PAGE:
Most Active City – London Sport’s Annual Partner Engagement Event

It’s time to stop having the same old conversations – and start embracing some of the dialogues we’ve never had before

Most Active City – London Sport’s Annual Partner Engagement Event

by Amy Hewick Amy Hewick

Sport England and Government strategies have offered an open door to those willing to meet the challenges of tackling inactivity. Now it’s up to those of us in the sector to walk through and become a part of the big, wide world.

One of the great things – maybe the greatest thing – about London is its diversity. Diversity of population; diversity of interest; diversity of business; diversity of entertainment. Close your eyes, and whatever it is you’re thinking of, there’s a good chance that you’ll find it in London.

Of course, for sport, diversity carries with it its own challenges. With diverse demographics come important considerations around adaptation of delivery, marketing, development and commissioning. What works for one group simply won’t work for another – and even organisations with the greatest track records in the world simply can’t be experts in every facet of society.

Not being experts doesn’t mean that we get to relinquish responsibility, though. Rather, we have a responsibility to make sure our plans, strategies and partnerships are as diverse as the groups we exist to serve, and as the people with whom we have least in common. It’s important that we all now see this as an opportunity to open the doors of the sport sector to the wider world, and bring together new partnerships and new approaches to connecting sport with under-represented populations.

Right now, we have an opportunity to do exactly that. Government and Sport England strategies are still fresh enough to shape the ways that physical activity and sport approach new partnerships, and the impetus is there across the sector to make it happen. Even a cursory consideration of the new focuses that are becoming apparent across the sector – tech, data, commercial engagement, learning from business – shows that there’s no lack of enthusiasm.

What’s now critical is that we don’t expend that energy having the same conversations between the same people. Almost every one of us working in sport is an advocate for the changes we need to see, so spend our time preaching to the converted? The real discussions we need to be having are with the groups that aren’t sitting around the table with us yet. They are the gatekeepers, and they are the experts in reaching the people that we haven’t yet won over. Without their help, we may never become the sport sector that we want to; without ours, they may never know what sport could help them to achieve

Most Active City - Partner Engagement Event | 7 July 2017  | The KIA Oval

When London Sport talks about helping to get 1,000,000 Londoners more active by 2020, we aren’t talking about a homogenous body. We’re talking about real people, with real lives, and real differences from one another. In a city of almost nine million people, those 1,000,000 may never meet. And as a team of 45 people London Sport can never hope to know all the things that will influence them – the good, and the bad.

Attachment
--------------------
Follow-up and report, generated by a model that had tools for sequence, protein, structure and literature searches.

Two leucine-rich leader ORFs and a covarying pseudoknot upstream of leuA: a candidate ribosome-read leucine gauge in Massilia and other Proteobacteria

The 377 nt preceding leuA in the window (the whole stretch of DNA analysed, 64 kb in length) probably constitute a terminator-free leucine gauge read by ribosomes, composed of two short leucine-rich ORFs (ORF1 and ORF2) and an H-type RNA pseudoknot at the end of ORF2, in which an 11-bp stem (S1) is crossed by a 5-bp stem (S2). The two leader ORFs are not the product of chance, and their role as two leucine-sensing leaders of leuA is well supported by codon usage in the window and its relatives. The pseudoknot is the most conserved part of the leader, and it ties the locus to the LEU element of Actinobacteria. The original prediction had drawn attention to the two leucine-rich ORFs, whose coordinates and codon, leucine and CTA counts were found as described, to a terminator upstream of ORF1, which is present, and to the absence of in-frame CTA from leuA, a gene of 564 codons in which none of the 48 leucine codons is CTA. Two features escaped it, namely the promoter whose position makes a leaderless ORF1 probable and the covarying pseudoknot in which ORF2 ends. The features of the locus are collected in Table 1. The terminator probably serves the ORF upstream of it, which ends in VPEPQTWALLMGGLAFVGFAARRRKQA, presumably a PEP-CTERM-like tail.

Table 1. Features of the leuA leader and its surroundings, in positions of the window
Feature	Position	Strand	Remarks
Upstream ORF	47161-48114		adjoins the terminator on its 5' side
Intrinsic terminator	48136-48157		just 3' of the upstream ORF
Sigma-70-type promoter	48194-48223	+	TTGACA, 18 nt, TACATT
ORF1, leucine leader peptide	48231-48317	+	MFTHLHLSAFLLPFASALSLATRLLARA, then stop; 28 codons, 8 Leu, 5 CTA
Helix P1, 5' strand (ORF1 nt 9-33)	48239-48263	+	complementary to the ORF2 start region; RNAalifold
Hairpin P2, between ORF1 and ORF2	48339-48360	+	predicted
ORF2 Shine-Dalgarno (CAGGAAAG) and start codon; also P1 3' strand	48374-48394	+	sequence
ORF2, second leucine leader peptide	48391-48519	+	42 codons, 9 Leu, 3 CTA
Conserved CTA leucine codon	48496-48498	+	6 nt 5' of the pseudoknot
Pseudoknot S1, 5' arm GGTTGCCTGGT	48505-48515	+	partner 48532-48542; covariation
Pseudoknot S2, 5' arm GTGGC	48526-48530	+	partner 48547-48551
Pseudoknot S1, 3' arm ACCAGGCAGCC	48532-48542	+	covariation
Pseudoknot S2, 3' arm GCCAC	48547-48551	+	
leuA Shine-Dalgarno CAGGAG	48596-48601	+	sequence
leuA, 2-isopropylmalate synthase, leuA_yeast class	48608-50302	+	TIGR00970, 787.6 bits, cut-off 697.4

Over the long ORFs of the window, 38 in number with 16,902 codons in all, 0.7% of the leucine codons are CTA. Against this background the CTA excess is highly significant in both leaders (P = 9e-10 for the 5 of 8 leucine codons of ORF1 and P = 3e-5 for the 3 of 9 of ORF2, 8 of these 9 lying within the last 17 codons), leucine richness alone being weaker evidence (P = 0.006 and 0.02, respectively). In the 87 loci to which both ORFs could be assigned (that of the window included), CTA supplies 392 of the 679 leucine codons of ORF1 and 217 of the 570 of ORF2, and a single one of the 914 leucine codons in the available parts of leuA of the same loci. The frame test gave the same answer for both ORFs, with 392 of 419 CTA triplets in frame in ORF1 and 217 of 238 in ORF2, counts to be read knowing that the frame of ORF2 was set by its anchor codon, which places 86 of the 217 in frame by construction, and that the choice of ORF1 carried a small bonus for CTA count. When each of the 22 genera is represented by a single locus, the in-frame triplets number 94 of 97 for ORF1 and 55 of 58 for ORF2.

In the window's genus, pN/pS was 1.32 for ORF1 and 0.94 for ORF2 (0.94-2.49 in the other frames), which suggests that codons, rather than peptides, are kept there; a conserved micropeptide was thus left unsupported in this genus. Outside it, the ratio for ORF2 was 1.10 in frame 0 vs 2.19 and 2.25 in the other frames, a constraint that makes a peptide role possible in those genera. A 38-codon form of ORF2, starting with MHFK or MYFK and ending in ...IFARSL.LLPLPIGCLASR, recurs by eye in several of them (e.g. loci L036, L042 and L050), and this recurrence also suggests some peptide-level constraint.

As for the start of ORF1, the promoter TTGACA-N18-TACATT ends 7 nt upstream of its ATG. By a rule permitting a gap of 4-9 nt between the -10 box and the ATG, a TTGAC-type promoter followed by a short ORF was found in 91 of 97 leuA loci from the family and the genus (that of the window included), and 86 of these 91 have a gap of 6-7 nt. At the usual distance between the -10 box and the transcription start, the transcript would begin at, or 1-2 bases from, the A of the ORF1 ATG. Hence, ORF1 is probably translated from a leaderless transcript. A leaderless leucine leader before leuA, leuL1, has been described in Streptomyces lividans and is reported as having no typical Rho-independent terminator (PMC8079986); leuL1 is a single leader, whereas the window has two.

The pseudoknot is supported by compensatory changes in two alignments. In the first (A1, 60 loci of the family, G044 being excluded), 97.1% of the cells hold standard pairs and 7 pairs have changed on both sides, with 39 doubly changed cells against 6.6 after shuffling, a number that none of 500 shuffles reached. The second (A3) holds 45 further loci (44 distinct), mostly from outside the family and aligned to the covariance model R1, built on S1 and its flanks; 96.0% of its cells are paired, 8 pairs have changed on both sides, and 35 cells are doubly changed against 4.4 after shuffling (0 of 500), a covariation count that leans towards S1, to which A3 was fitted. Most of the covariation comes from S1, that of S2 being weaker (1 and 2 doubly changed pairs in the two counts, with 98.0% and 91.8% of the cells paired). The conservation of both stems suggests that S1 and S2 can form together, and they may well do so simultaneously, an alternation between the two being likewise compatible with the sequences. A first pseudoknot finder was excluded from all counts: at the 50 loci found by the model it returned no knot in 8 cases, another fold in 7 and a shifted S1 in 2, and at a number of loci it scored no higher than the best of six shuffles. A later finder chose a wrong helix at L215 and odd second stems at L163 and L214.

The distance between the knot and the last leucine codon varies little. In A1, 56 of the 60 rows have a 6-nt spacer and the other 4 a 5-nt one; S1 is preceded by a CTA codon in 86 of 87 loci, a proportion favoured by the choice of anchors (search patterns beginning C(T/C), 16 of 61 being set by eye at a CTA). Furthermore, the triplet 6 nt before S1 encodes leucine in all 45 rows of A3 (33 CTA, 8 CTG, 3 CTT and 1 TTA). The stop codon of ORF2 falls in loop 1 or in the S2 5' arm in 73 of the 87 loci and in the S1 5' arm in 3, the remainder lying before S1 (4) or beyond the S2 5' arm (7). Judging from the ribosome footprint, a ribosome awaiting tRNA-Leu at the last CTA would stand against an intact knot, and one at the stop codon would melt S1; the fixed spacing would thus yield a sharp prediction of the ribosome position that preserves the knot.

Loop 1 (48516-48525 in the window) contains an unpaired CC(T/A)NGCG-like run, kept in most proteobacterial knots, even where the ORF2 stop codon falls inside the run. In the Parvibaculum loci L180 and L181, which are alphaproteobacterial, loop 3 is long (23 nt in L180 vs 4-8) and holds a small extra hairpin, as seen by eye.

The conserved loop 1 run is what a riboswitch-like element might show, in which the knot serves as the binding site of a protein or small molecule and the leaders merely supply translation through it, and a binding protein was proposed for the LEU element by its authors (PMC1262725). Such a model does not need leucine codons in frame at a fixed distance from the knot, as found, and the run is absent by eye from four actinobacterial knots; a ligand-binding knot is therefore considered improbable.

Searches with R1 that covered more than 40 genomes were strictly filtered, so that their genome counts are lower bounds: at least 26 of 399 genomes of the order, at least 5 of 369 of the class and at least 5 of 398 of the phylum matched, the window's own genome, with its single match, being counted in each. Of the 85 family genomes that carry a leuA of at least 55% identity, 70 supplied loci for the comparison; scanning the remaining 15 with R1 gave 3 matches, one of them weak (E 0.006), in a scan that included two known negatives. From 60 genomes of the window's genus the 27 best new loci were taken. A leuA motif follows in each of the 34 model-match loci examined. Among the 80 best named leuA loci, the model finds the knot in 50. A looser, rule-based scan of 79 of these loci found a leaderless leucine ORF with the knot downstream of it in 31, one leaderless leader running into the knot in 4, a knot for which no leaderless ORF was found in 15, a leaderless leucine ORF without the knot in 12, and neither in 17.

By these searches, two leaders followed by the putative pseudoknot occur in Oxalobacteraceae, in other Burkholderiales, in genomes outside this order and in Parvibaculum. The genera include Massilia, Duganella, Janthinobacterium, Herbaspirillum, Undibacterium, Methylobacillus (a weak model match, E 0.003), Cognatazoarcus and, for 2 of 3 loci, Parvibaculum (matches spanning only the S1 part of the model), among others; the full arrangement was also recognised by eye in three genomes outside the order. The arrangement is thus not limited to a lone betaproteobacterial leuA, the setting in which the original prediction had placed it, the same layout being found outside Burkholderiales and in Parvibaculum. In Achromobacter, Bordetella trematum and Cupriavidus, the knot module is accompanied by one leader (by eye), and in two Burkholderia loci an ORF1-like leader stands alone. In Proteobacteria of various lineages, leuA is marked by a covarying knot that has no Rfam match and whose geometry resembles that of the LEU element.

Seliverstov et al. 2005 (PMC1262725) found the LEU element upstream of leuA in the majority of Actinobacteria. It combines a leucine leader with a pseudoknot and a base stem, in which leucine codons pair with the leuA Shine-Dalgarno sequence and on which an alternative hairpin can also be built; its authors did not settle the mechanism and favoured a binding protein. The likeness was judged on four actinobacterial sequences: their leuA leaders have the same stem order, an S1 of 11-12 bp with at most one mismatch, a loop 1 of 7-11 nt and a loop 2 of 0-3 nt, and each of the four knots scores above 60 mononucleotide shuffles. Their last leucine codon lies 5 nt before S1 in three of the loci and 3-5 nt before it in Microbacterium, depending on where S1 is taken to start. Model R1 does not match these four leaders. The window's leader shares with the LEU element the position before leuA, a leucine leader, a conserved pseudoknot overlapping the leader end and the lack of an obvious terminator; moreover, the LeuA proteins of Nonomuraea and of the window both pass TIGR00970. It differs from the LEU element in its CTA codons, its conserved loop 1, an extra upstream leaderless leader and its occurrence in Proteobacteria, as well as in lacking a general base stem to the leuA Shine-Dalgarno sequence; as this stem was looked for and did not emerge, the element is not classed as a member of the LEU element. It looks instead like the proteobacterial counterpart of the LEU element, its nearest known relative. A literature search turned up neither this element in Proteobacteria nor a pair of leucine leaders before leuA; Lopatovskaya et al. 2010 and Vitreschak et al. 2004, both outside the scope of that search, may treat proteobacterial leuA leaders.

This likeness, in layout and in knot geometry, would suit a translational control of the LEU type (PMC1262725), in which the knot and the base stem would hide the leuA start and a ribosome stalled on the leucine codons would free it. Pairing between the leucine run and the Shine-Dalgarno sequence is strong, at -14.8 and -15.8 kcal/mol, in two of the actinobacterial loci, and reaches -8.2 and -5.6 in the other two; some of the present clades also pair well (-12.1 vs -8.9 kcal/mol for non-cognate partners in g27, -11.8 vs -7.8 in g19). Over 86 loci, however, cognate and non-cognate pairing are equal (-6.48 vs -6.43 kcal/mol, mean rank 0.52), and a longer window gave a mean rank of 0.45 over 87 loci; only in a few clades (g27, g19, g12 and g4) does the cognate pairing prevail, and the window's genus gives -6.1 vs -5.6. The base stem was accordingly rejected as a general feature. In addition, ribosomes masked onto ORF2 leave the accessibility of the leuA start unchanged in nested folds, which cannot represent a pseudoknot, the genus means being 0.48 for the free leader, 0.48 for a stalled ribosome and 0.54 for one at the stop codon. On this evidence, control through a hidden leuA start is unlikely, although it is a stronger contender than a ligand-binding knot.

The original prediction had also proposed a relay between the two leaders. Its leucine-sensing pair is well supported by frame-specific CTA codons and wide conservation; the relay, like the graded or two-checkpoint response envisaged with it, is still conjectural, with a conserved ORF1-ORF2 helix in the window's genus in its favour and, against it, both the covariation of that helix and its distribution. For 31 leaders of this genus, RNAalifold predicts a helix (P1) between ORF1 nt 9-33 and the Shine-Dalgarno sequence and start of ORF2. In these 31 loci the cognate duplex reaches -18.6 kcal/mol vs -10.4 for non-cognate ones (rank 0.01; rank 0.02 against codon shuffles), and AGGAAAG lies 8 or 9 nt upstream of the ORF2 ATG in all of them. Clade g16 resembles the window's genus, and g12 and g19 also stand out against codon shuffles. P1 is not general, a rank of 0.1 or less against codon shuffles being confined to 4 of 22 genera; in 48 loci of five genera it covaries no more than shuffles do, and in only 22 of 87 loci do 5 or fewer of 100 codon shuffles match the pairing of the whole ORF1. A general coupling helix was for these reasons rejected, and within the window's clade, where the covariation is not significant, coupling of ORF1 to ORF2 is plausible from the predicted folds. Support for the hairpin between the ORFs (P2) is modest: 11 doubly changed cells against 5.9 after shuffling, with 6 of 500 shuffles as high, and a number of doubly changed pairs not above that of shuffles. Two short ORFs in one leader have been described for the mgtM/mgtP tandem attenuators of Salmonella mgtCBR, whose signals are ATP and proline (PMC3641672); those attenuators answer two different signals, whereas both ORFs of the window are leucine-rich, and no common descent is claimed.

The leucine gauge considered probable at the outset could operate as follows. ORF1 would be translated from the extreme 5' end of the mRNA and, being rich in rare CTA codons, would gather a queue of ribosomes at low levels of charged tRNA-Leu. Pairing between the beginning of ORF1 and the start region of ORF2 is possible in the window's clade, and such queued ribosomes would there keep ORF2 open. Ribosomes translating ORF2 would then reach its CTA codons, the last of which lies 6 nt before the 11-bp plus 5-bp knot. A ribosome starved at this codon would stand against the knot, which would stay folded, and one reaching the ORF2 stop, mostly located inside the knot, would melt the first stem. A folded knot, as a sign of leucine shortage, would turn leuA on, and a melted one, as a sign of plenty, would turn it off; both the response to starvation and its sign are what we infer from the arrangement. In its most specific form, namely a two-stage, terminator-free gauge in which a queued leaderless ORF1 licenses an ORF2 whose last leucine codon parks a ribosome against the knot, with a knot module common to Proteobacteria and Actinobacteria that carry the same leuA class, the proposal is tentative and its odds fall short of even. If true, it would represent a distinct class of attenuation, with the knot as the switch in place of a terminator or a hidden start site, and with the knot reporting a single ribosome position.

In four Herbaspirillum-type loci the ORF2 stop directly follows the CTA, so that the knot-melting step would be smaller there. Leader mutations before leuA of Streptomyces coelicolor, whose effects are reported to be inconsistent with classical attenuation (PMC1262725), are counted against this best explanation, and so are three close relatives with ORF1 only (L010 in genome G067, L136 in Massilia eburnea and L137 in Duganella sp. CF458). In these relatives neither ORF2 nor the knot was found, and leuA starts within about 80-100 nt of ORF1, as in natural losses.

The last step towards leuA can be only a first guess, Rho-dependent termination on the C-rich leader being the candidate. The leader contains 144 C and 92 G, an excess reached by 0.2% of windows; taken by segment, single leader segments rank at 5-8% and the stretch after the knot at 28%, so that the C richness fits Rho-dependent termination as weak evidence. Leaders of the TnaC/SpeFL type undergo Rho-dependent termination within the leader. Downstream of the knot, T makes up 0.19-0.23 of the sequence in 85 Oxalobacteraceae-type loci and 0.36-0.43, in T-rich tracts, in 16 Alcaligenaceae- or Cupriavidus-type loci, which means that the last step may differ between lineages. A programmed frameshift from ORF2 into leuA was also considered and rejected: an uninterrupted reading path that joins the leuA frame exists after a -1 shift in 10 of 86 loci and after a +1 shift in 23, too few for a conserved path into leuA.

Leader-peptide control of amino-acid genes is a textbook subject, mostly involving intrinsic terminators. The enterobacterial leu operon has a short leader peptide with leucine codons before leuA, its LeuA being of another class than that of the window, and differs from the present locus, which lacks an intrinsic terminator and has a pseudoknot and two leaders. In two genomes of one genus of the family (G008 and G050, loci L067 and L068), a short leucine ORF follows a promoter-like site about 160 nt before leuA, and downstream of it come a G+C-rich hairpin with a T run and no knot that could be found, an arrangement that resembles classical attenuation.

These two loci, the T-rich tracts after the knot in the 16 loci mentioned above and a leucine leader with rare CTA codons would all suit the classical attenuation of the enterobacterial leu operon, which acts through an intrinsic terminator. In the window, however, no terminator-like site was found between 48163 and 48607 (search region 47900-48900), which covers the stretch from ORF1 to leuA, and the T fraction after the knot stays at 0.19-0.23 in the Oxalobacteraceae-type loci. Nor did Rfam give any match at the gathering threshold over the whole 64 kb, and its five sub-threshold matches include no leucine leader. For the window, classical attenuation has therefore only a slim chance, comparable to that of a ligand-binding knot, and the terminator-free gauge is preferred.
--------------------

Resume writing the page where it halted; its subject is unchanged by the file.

That’s why we are inviting you to attend Most Active City, an event designed specifically with these new connections in mind. We are coming together on Friday 7 July at The KIA Oval, Kennington to share our research, hear your input and combine thinking with those people that are shaping the future of physical activity and sport in London.

Current confirmed workshops subjects include Innovation, Understanding and influencing less active Londoners, Youth Insight, Workforce, Technology and Innovation with more to be confirmed shortly.


Outcomes from this session will include:

  • Understand how organisations have encouraged innovative approaches, through disruptive innovation
  • Identify how to promote innovative thinking

Understanding and influencing less active Londoners

Outcomes from this session will include:

  • Gain new understanding into the lives of less active Londoners
  • Develop new ideas on how to develop interventions that meet the needs of this group

Youth Insight

Outcomes from this session will include:

  • Recognise and identify Sport England Youth Personalities
  • Using London Sport coaching toolkit to identify youth personalities
  •  Introduction to London Sports’ new Youth Personality E-module


Outcomes from this session will include:

  • Introduction to London Sports Bigger and Better Workforce research
  • Explanation of the findings from the research conducted
  • Identify recommendations arising from the research


Outcomes from this session will include:

  • Influence of technology on participation and behaviour change
  • Shaping London Sports efforts based on local need
  • Explore industry case studies

Reserve your ticket now

We really hope that you’ll be there with us to help take these conversations forward. Tickets are selling fast, and with new speakers and workshops sessions soon to be announced, we want to ensure every stakeholder for physical activity and sport has the chance to join us, learn and share perspectives on the future of London.

Tickets are on sale until 30 June, click here you buy your ticket now.